Artistic concept for the Rickmers shipping company building in Hamburg (2000-…)

The building by the architects Bothe Richter Teherani is almost austere in its use of materials and formal reduction. With its storey-wise glazed façade and the spacious entrance hall, it is a very public building that reveals situations to the outside world that usually have an almost private character. The overall artistic concept will be oriented to this specification by the architecture, support it and include human dimensions.

The concept includes four complementary artistic interventions:

I. The Seven Seas:

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In the hall, on the wall behind the reception, there are seven screens in a row, each showing a filmic view of water and waves. The large-format flat-screens are embedded flat in the wall without framing and thus fit into the elegant and restrained aesthetics of the building. The individual films are colored monochrome and run in endless loops.

Images of water are both calm and moving. The apparent repetition of the eternally same wave movements and the similarity of the images on the seven monitors reinforce the impression of calm. Paradoxically, this calmness is also created by the constant movement of the water.

Water is a connecting element. The films shown are real films of water and the waves of the seven oceans (the northern and southern Atlantic, the northern and southern Pacific, the Indian Ocean, the Arctic and the Antarctic), which separate people on the different continents from each other and yet represent their only connection. In this installation, the films condense into a panorama that refers to the vastness of the world and the secrets that for many people are connected to the sea.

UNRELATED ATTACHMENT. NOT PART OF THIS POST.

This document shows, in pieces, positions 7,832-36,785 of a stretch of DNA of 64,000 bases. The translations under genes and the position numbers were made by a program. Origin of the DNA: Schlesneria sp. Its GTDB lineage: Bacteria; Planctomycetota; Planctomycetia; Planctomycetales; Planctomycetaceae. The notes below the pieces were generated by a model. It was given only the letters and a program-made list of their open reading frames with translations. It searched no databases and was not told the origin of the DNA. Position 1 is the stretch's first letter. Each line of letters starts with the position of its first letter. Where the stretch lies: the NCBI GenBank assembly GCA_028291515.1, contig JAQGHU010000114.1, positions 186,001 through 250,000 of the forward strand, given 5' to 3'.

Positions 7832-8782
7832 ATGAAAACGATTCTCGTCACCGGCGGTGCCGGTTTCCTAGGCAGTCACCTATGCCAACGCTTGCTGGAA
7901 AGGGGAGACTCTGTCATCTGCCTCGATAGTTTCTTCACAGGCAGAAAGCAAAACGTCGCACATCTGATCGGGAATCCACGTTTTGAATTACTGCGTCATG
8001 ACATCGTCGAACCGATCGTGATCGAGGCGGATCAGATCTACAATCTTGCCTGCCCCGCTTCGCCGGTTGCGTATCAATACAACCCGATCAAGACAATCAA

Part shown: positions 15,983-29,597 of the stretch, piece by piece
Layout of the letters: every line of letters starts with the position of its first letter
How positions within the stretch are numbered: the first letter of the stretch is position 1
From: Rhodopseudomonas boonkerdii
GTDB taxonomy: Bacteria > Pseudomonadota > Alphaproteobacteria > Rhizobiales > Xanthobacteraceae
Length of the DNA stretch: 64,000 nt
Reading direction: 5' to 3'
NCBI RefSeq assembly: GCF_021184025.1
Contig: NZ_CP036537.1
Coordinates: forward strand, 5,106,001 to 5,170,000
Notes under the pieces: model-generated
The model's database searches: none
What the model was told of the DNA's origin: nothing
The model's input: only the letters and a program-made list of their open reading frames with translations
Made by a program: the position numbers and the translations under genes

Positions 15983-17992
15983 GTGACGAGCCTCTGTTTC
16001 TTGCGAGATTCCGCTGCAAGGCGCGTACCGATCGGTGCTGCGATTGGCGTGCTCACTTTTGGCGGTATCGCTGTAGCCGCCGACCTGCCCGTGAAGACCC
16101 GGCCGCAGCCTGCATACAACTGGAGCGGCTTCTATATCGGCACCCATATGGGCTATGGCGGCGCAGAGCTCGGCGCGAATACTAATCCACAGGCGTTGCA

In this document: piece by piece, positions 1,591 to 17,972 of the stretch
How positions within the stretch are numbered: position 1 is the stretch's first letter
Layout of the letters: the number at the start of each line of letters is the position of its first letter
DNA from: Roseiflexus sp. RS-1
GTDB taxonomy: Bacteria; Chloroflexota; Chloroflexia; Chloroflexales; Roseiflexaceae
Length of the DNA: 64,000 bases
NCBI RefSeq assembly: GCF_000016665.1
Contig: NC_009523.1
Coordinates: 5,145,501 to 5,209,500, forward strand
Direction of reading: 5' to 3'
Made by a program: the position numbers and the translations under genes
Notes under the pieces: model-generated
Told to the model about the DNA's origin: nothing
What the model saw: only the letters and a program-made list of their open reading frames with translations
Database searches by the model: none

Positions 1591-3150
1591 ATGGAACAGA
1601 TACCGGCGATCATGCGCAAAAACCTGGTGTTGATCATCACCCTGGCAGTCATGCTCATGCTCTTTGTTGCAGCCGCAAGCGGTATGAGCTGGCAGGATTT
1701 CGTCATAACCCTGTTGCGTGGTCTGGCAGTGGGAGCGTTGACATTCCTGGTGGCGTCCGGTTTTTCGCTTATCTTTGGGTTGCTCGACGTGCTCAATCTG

II. Murals

In the corridors and conference rooms of the house there are murals that continue the theme of the sea and seafaring. Each of these pictures consists of a photograph of a nautical detail placed next to a monochrome colour surface. The details are alienated and covered with a slight blurring. The colour surface refers to the painterly version of The Seven Seas in the entrance hall; its colour value comes from the colour spectrum of photography. The work deals with phenomena of perception, it offers optical riddles (what detail? where is the colour?) and thematically integrates the whole house.

III. Soundcollage

On their walks through the building, the employees and visitors of the building are also accompanied by sound installations. For this purpose, different sound fields are developed, which evoke concise atmospheric images from the world of seafaring imagination. These collages are artistic transformations of associations linked to the sea and the wind, but also to distant port cities. By no means are they superficial “nature radio plays”. Due to the elaborate technology, which triggers different sound tracks in the corridors of the building via motion detectors, the collages are always surprisingly redesigned, they are rich in variations, and in their tonal presence often unexpected, so that a monotony will not be established.

IV. Panoramas

On the individual floors, “slots” are milled into the masonry on the side facing the Speicherstadt, measuring approx. 500 x 80 cm.

Photographic panoramas in exactly this format are hung on the walls opposite these window cut-outs to convey the view from the ship to land.